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Posts Tagged ‘Sin’

I began a novena this morning and read this passage from Matthew:

“… and now she will bear a son.
You shall call him ‘Jesus’ for he will save
his people from their sins.”
(Matthew 1:21)

Is this really the first time I noticed?

“He will save his people …. ”

Not from other people on this earth – to this day His people are being killed for their love of Him and their faith in Him. Since His death Christians have been hunted and hated “the world” has tried to eliminate them.

Not from petty discomforts on this earth, nor was He born to elevate us in an earthly way with wealth or comfort or earthly power.

Not even from terrible suffering in this life, even from oppression or slavery or starvation.

No!  “… for he will save his people from their sins.”

Jesus did not suffer and die on the cross to save me from other enemies, real or imagined. He did not die to shower me with earthly blessings (though He certainly does that).

He died to save me from my own sins – the very things I have chosen that harm me and others around me, that are killing my soul and separating me from Him.

That’s a lot to digest this morning. It’s so easy to look at how messed up this world is, to observe how much evil is in it and devouring people every day and to pray in earnest for those people and against those great evils. And that is important to do.

But it is also important to remember to reflect and to pray: “Have mercy on me, a sinner.”

 

 

 

 

 

 

 

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I read a wonderful blog this morning by Msgr. Charles Pope* about true sorrow for our sins.

In part, he wrote:

“In times like these, when self-esteem is overemphasized, personal responsibility is minimized, and excuses abound, we do well to ask for the gift of tears. We do well to ask for a profound and healthy grief for our sins.

… Note that these tears are not meant to be tears of depression, discouragement, or self-loathing. The tears to be sought here are tears of what St. Paul calls “godly sorrow.” Godly sorrow causes us to have sorrow for our sins but in a such a way that it draws us to God and to great love, gratitude, and appreciation for His mercy. (2 Cor 7:8-11)”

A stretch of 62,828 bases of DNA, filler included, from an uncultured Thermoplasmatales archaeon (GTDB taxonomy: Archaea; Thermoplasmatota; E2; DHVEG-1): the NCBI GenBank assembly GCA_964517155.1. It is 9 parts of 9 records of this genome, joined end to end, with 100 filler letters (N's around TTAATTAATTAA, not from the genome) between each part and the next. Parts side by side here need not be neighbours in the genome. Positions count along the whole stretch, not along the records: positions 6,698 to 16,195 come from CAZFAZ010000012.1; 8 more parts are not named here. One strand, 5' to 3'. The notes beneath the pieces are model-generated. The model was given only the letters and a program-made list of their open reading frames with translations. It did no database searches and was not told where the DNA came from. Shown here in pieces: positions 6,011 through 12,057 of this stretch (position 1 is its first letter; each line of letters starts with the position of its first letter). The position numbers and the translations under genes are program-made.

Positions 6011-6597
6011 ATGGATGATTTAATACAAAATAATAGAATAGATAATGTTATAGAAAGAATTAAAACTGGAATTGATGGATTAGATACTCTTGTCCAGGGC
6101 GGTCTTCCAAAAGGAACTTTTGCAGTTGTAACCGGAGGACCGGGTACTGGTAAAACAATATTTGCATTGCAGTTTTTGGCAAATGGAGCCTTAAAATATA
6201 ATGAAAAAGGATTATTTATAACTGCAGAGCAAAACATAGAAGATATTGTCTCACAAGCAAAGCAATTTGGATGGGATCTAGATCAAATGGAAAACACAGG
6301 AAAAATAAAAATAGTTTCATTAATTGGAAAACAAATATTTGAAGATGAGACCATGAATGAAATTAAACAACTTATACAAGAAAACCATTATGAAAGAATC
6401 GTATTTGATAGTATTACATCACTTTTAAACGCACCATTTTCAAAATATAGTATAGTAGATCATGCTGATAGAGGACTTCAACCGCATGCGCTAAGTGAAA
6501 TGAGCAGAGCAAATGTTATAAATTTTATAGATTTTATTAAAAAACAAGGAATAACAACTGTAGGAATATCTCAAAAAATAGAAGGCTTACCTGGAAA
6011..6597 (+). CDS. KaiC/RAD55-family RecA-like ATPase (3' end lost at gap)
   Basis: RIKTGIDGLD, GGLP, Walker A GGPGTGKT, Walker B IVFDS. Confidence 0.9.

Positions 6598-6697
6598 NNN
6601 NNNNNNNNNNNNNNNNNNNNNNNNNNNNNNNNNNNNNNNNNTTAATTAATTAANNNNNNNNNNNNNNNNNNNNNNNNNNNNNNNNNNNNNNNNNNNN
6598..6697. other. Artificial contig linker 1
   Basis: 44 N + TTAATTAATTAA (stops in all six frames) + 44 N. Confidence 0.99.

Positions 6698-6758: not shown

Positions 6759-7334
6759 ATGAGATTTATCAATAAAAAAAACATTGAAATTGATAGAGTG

I think one of the biggest lessons I learned during my dark time was how easily I can deceive myself and rationalize my sins, and how greatly that separates me from God. Like a stubborn child I hid in a dark corner while He waited patiently for me. In retrospect I can see that He even stood guard, protecting me from sliding further away into a deeper harm’s way.

God brought forth water from the rock for the Israelites in the desert.

I pray God draws water from the rock of my hardened heart … that He softens my heart, shows me what He will, and draws forth tears of godly sorrow both for myself and for those around me.

*Msgr. Pope’s post can be read in full here

 

 

 

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Sometimes I look at the world and at our country and I feel such disquiet at what I see … man’s inhumanity to man in the forms of war, human trafficking, abortion. My heart cries out for the victims and their suffering.

And my heart cries out in another way for people who are lost, oblivious to the harm they do to their body, mind and soul in so many ways by following the world and “self.”

I guess it’s true that there is nothing new under the sun. I was reading Ezekiel this morning:

… and the LORD said to him: Pass through the city, through the midst of Jerusalem, and mark an X on the foreheads of those who grieve and lament over all the abominations practiced within it.” (Ezekiel 9:4)

How well-said; how familiar. I, too, grieve and lament over evil; over immorality running rampant and its cost to my fellow human beings; to abominations practiced.

I feel powerless to “stop it” or to make a real difference by my own actions, but neither can I ever become complacent and simply accept it.

No answers today, only lingering sadness.

Lord, have mercy.
Christ, have mercy.
Lord, have mercy.

**Edit** Because I love God’s timing … later in the day after writing this post, I read a quote. And somehow, it seems to fit.

Every Christ-follower has to realize that we carry a sacred, burning light that is infinitely more powerful than the lies of the enemy. Your light might seem small, but even the smallest act of love can illuminate the shadows. – Josh Wilson